Sunday, March 8, 2 p.m., Davies Symphony Hall: The next visiting program to be hosted by SFS will be the West-Eastern Divan Ensemble. This group brings together Israeli and Palestinian musicians playing side-by-side. They are currently led by violinist Michael Barenboim. The program will feature the octet “Jawb” by Benjamin Attahir, composed on commission by the Ensemble. The program will also feature Felix Mendelssohn’s octet, as well as compositions by Franz Schubert and Giuseppe Tartini. Tickets are being sold for prices between $29 and $89. They may be purchased online through the event page for this concert or directly through the Box Office.

Sunday, March 8, 4 p.m., Congregation Sha’ar Zahav: Once again San Francisco Choral Artists (SFCA), led by Artistic Director Magen Solomon, will collaborate with the klezmer trio Veretski Pass. The title of the program will be Stomping Feet: Song and Dance in the Jewish Tradition. The selections will combine the classical repertoire with the folk roots of Jewish music.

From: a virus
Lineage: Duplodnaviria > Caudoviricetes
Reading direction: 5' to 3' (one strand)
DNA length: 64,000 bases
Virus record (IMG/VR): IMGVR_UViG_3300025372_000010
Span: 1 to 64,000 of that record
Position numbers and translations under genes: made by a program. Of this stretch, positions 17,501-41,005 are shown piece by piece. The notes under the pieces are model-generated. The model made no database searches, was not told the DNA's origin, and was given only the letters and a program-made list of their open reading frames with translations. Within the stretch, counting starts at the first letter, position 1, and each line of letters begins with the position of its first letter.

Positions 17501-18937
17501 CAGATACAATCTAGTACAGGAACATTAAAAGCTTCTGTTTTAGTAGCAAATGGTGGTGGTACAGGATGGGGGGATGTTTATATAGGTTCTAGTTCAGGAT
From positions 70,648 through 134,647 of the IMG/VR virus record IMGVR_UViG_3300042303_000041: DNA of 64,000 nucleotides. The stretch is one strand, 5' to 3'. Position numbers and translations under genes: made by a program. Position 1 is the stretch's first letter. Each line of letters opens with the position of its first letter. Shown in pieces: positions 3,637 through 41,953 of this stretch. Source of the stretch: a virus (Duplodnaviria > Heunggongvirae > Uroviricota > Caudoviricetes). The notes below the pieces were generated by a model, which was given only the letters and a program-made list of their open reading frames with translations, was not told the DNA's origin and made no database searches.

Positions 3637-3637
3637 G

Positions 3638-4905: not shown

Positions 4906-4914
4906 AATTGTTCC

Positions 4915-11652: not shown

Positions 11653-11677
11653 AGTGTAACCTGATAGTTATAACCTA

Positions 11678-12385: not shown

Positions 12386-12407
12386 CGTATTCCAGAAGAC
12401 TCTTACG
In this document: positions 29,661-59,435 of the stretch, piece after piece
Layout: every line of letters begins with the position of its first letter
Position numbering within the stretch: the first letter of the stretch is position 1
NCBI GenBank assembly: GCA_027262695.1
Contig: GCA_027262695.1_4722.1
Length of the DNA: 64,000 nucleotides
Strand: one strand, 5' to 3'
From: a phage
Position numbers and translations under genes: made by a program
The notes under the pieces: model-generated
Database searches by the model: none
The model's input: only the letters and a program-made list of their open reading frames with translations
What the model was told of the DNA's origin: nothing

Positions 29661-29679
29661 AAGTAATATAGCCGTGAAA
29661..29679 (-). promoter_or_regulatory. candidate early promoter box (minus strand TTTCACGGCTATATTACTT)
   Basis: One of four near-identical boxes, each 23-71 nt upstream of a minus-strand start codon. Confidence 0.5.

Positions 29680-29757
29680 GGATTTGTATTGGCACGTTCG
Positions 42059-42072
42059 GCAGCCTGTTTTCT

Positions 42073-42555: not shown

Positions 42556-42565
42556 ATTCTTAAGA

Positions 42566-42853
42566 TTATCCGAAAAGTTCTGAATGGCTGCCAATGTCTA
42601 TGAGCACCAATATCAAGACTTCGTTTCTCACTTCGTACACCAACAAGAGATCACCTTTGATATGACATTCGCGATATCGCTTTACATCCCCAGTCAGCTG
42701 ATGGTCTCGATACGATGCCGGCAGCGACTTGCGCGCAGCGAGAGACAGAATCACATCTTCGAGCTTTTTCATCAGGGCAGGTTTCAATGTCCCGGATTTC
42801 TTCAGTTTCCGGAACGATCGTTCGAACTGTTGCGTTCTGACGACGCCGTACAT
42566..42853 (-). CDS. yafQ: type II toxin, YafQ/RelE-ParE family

Congregation Sha’ar Zahav is located at 290 Dolores Street, on the southeast corner of 16th Street. Ticket prices will be $30 for general admission, $25 for seniors, and $12.50 for those under 30. Prices at the door will be $35 for general admission, $29 for seniors, and $15 for those under 30. All tickets are being sold online through a Web page on the SFCA Web site.

Sunday, March 8, 7 p.m., Noe Valley Ministry: Ensemble for These Times (E4TT) will present is 2020 Commissions Concert. The title of the program will be Mothers & Daughters. It will present world premiere performances of music by Elinor Armer, David Garner, and Brennan Stokes. The program will also include compositions by Anna Clyne, William Grant Still, and Chen Yi. The E4TT trio of soprano Nanette McGuinness, cellist Anne Lerner, and pianist Dale Tsang will be joined by guest artists Laura Reynolds on cor anglais and Ilana Blumberg on violin.

The Noe Valley Ministry at 1021 Sanchez Street. Tickets will be $30 for general admission, $15 for seniors, and $5 for students. Tickets at all price levels are currently available for sale online through an Eventbrite event page.